*jigging school was the vernacular for playing hookey.

February 13th, 2008 | 15 Comments »

I started to tell this story, then I looked for a suitable image, and while I was at it, might as well create a watermark, so the result is that nothing got done besides a lot of image re-arranging. You may get one poor quality, unwatermarked image, because who really wants to steal a small, poor quality image? On to the story.

Long ago, but not so far away, my brother, Mr. Trick, and I were allied as partners in crimes against the parents. These crimes involved a great deal of intrigue, planning, and stealth. Stealth was key because we wanted, in this case to steal the cookies out of the pantry.

We had to stay awake a long time until the giants (parents) went to bed, and we gave them time to fall asleep. This gave our anticipation of the stolen goods more salivation factor, and allowed us to refine the plan.

Hand signals were not terribly effective in the dark, so we had to revise the plan during the execution of the manoevre. Who says criminals are dumb?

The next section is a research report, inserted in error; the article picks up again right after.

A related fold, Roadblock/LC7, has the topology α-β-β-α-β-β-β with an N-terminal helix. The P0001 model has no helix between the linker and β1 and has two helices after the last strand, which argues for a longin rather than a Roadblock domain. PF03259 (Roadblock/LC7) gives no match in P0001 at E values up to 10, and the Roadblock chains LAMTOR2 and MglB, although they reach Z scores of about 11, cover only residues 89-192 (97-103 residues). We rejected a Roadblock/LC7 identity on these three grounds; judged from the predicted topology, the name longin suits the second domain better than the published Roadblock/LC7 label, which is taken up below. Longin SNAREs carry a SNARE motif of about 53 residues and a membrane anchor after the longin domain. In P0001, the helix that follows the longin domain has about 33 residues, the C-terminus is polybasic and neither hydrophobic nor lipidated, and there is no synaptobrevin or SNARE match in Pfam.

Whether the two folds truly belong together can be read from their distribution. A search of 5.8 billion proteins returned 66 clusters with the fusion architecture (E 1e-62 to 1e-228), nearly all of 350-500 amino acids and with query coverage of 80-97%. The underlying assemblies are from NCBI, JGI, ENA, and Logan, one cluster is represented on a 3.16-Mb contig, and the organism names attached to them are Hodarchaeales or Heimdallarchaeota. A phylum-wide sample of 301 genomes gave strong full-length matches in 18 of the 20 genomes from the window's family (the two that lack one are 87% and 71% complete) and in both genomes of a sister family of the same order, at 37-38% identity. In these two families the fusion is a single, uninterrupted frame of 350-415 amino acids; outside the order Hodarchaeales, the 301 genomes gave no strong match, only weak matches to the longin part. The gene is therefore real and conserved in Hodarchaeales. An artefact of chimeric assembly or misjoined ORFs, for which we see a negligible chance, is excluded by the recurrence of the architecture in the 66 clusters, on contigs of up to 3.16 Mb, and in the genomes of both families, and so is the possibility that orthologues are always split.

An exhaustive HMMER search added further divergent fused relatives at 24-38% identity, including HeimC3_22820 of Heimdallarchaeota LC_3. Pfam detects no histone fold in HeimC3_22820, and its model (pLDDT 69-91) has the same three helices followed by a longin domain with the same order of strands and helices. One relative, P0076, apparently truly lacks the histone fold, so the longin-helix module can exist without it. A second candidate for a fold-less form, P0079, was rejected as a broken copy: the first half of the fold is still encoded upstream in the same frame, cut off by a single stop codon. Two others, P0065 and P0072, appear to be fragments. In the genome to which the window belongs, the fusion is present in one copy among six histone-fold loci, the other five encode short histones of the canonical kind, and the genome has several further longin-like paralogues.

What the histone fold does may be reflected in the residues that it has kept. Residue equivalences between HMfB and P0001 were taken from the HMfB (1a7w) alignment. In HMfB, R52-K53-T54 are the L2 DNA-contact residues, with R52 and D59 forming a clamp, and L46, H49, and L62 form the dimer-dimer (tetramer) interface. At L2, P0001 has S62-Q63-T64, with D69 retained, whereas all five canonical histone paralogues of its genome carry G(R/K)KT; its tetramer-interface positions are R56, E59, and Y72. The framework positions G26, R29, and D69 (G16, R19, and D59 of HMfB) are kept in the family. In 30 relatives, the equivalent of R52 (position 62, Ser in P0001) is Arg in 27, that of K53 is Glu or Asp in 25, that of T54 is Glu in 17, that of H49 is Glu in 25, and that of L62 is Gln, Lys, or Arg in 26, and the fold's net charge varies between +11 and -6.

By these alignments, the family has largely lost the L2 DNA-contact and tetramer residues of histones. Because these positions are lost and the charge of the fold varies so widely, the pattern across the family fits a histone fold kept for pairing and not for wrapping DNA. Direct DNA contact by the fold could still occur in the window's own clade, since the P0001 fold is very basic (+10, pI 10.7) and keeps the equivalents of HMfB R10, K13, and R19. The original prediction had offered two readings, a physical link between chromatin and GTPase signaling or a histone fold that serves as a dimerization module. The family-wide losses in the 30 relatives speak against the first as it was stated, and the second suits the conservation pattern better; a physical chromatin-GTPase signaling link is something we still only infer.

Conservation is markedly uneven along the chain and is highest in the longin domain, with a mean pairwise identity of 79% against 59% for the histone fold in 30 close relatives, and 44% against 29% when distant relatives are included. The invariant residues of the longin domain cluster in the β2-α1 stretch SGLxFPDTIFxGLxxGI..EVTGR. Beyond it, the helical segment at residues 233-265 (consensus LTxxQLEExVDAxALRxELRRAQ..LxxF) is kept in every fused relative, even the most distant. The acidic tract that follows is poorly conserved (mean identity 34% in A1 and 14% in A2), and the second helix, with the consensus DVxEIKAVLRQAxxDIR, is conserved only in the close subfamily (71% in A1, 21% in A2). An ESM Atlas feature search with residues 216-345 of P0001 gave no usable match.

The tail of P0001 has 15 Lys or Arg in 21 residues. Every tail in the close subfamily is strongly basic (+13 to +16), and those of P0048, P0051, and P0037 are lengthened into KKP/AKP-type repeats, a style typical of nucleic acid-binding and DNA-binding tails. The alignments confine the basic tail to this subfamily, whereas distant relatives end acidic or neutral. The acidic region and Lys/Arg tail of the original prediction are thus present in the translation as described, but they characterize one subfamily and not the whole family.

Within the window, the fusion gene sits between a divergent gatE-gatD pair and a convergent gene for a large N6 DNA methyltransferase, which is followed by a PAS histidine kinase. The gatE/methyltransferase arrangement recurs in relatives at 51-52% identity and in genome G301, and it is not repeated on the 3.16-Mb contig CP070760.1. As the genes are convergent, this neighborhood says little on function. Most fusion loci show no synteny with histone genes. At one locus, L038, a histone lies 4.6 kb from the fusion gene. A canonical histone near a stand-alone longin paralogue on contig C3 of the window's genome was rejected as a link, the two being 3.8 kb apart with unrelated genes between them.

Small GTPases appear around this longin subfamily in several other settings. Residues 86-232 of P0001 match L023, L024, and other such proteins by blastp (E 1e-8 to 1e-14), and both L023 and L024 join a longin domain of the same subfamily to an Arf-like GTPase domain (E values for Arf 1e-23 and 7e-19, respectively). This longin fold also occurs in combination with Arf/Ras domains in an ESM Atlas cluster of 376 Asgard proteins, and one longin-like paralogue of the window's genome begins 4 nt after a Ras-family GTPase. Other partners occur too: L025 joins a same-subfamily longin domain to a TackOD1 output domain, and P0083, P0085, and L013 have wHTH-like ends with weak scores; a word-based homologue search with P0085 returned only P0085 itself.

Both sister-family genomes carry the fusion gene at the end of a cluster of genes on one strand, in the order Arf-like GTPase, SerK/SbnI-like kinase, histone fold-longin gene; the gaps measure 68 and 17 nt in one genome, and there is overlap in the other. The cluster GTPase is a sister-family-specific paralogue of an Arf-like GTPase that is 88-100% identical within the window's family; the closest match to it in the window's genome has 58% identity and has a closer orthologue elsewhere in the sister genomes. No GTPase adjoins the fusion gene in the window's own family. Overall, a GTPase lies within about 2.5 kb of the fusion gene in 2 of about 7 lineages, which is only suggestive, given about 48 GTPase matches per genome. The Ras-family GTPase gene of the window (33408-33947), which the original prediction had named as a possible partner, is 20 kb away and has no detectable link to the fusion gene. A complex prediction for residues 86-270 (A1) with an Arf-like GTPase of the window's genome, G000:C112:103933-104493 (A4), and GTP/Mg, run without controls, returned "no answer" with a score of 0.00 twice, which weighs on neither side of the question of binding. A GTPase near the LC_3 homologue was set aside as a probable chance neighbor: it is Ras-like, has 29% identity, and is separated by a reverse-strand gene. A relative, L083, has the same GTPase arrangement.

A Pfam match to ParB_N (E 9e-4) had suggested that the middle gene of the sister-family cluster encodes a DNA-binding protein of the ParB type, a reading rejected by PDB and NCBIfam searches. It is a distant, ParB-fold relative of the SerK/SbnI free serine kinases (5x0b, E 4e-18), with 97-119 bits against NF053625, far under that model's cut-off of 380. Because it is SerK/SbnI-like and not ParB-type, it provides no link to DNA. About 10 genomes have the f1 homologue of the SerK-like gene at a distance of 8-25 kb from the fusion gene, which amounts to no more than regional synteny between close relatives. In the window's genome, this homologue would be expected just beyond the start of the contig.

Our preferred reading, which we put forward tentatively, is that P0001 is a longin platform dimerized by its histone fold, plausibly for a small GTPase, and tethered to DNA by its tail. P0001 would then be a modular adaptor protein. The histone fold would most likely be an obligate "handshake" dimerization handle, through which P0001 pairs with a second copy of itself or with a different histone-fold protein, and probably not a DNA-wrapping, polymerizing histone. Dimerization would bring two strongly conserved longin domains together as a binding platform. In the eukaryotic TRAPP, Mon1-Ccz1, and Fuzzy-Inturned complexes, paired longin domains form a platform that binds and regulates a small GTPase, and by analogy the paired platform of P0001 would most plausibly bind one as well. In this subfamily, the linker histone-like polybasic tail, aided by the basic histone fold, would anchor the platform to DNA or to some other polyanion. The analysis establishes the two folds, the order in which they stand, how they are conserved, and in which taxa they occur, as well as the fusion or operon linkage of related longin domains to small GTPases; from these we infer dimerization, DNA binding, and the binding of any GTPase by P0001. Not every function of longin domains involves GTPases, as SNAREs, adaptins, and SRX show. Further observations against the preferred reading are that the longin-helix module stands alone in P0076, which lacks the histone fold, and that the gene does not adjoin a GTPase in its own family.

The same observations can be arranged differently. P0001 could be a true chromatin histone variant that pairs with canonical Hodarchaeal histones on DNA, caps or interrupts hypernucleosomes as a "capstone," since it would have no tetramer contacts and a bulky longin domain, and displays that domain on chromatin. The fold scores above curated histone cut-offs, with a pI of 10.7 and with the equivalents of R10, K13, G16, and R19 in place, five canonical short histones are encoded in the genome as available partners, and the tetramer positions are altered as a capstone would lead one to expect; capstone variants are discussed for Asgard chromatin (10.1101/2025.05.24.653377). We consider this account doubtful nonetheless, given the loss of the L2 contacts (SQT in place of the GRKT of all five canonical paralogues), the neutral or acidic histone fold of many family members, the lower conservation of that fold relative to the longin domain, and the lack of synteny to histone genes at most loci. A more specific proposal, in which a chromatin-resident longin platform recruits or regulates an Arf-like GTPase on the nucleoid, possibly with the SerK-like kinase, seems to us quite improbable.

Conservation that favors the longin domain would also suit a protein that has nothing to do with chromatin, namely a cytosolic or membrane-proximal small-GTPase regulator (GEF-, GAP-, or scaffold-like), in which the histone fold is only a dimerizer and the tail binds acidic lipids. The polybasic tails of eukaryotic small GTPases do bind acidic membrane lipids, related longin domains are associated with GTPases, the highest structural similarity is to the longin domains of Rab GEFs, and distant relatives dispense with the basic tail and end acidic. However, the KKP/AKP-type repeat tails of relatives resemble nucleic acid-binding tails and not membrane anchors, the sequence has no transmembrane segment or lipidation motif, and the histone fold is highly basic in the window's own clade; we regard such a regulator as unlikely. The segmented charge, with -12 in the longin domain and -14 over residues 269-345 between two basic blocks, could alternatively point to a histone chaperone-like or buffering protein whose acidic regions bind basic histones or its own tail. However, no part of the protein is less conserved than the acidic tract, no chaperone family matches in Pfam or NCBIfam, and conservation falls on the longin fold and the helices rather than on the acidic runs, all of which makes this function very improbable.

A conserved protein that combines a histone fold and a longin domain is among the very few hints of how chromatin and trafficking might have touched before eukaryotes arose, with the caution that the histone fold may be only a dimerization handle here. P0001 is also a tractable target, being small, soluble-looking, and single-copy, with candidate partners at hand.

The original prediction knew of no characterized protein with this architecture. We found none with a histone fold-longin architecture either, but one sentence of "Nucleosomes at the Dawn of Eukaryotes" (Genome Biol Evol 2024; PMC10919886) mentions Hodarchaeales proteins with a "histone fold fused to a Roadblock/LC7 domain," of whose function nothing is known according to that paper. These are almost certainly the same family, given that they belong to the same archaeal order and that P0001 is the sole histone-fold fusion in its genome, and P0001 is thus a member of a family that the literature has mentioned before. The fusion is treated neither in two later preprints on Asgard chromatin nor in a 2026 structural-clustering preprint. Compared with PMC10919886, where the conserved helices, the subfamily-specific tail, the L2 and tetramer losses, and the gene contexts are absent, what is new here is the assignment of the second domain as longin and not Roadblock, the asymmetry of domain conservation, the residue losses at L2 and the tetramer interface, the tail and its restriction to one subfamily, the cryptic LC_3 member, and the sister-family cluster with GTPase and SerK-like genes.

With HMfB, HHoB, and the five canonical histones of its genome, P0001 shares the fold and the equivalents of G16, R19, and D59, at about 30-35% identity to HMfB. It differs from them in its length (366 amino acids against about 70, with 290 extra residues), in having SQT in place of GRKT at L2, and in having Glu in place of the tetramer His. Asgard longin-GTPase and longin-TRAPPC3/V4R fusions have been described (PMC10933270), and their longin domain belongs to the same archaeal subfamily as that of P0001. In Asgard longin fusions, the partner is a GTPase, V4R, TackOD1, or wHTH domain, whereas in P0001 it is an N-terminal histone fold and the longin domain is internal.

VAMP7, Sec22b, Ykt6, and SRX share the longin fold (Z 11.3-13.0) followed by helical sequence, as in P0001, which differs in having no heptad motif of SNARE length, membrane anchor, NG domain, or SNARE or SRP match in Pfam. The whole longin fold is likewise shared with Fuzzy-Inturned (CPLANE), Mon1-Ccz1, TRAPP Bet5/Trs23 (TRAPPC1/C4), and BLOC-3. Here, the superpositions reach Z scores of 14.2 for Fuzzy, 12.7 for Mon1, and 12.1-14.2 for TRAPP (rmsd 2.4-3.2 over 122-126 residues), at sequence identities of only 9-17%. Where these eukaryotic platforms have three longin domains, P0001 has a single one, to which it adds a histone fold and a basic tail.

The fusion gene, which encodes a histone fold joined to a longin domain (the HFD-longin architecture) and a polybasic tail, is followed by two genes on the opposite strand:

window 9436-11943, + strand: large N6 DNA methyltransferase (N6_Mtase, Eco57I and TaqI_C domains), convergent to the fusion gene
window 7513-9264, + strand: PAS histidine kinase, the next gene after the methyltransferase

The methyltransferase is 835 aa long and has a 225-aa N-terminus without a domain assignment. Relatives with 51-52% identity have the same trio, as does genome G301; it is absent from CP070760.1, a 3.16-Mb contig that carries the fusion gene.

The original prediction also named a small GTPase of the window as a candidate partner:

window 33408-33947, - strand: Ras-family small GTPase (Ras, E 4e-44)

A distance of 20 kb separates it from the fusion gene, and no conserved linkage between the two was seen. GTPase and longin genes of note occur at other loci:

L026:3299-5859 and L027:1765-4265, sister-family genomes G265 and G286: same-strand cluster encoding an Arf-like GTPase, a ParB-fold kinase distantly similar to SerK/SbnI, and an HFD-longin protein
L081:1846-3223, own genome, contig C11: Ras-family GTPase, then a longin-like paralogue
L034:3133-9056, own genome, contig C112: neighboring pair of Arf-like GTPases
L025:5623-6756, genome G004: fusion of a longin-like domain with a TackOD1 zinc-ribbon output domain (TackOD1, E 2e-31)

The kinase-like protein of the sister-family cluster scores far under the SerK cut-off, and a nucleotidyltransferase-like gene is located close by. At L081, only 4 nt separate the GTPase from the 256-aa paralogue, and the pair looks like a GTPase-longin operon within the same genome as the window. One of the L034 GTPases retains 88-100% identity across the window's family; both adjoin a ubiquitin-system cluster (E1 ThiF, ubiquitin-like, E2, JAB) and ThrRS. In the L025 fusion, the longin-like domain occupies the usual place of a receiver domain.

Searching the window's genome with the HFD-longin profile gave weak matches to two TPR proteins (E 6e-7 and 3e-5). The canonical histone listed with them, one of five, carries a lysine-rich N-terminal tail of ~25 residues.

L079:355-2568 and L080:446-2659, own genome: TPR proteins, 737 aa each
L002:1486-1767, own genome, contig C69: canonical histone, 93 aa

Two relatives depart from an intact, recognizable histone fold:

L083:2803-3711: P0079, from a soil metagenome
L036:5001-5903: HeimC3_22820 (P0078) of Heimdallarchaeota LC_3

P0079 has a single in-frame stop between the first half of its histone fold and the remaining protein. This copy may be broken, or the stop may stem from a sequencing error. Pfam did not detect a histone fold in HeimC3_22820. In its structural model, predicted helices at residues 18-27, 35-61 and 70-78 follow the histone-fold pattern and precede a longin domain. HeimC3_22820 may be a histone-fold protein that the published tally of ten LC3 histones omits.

It took an agonizing amount of time to descend the old, creaky staircase, and tiptoe down the hall to the pantry. We were shivering with excitement as we ear-whispered directions to one another.

Once we reached our objective, we loaded up our arms, and BOOM! thundered up the stairs (times two) in our haste to devour the prize. I guess we figured that possession was nine-tenths of the law, but we had forgotten how annoyed those pesky parents became when aroused from their sleep.

The punishment was not just for cookie theft, it was an angry punishment administered in the wrath of being awakened. It wasn’t pretty. We decided our career in crime was not our optimum life path. And it was difficult to sit down for a while too.

Seated on horse: little brother, witchypoo, partner in crime brother. This was taken when we were able to sit without pain.

December 12th, 2007 | 14 Comments »

When Gram was in her early eighties, she took to saying “If I die” quite a lot. I think she was using it for attention, but it cracked me up.

Me: “Grammie, when you say that, it sounds like you have all of these options, and haven’t quite decided which one you’re going to choose.”

Gram: “Oh.”

We’re an eloquent bunch.

What? It’s news to you that we are all going to die? Do you know something I don’t?

My family accuses me of being a shytte disturber. I prefer “awareness facilitator” as in “The Emperor is naked, dude.”

That conversation spurred Grammie on to take action. She enlisted the reluctant services of my fine furniture/cabinet maker brother, Mr. Trick, to make her a lovely coffin.